Richard Fung is a Toronto-based video artist, writer, theorist and educator. He holds a degree in cinema studies as well as an ME in sociology and cultural studies, both from the University of Toronto. He is Associate Professor in the Integrated Media program at the Ontario College of Art and Design.
His work comprises of a series of challenging videos on subjects ranging from the role of the Asian male in gay pornography to colonialism, immigration, racism, homophobia, AIDS and his own family history. His tapes, which include My Mother’s Place (1990), Sea in the Blood (2000) and Uncomfortable (2005), have been widely screened and collected internationally, and have been broadcast in Canada and the United States.
His essays have been published in many journals and anthologies, and he is the co-author with Monika Kin Gagnon of 13: Conversations on Art and Cultural Race Politics (2002), recently updated and translated into French. Richard is a past Rockefeller Fellow at New York University and has received the Bell Canada Award for Lifetime Achievement in Video as well as the Toronto Arts Award for Media Art.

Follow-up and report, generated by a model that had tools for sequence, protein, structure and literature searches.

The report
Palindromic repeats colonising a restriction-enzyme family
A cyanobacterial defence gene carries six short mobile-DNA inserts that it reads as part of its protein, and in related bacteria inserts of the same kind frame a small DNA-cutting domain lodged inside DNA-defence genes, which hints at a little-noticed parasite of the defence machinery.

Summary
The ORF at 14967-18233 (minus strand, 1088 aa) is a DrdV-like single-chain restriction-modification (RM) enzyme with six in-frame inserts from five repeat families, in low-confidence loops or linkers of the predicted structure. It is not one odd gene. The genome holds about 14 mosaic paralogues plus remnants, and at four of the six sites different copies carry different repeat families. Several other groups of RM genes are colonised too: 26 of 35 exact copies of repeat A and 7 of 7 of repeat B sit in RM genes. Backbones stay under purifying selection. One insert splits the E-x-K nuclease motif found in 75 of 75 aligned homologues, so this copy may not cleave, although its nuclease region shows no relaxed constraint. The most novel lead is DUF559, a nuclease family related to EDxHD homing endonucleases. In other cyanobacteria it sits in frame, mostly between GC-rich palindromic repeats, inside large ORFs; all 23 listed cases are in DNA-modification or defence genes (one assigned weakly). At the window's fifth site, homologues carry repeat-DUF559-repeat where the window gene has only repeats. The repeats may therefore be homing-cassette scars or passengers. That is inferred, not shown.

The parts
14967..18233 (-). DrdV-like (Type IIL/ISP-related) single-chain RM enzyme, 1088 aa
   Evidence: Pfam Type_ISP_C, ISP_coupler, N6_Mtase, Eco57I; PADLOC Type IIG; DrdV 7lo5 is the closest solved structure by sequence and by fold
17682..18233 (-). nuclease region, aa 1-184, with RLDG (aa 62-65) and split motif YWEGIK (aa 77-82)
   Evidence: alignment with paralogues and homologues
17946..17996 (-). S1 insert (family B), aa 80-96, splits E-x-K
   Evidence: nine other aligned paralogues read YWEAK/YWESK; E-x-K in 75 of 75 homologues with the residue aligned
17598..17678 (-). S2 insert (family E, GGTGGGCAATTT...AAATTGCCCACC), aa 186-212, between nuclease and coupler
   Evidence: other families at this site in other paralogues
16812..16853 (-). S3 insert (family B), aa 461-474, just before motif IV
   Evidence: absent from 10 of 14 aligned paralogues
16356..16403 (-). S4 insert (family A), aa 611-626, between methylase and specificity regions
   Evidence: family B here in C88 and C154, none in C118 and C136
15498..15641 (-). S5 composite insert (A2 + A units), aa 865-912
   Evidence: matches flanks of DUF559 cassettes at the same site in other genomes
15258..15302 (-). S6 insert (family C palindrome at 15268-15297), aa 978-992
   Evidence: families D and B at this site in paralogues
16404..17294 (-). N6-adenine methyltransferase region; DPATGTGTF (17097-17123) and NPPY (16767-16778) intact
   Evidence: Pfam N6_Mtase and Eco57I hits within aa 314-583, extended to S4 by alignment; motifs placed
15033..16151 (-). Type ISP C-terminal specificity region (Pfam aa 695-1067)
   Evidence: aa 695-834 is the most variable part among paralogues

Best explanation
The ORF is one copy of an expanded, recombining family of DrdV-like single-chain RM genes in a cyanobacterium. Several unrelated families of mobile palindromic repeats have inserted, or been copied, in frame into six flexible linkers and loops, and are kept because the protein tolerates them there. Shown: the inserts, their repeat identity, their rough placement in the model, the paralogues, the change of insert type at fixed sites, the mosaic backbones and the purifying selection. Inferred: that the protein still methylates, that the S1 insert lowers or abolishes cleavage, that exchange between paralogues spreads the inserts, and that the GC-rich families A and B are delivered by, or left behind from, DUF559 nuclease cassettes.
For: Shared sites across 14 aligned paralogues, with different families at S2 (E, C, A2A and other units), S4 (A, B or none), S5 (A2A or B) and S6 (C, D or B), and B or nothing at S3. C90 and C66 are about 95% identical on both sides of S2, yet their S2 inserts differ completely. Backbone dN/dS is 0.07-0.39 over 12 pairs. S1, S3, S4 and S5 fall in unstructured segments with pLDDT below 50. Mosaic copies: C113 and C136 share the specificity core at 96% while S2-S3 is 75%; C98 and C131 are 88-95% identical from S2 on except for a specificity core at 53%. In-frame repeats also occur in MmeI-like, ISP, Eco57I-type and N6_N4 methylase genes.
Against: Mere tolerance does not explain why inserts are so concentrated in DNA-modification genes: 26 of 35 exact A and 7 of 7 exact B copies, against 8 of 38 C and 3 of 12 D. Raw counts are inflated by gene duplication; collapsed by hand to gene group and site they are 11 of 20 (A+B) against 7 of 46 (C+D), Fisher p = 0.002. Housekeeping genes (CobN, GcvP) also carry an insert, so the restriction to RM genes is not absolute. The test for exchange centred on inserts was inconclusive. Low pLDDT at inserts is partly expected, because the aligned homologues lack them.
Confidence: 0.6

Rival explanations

Fung has always seen himself as much as an educator as an artist, and in Helen Lee’s essay ‘Dirty Dozen: Playing 12 Questions with Richard Fung’ from Like Mangoes in July: The Work of Richard Fung (Images Festival and Insomniac Press, 2002), Fung says he aims to produce work which is ‘pedagogical, but hopefully not pedantic’. Richard is a public intellectual who has pushed forward the debates about queer sexuality, Asian identity and the uneasy borderlands of culture and politics.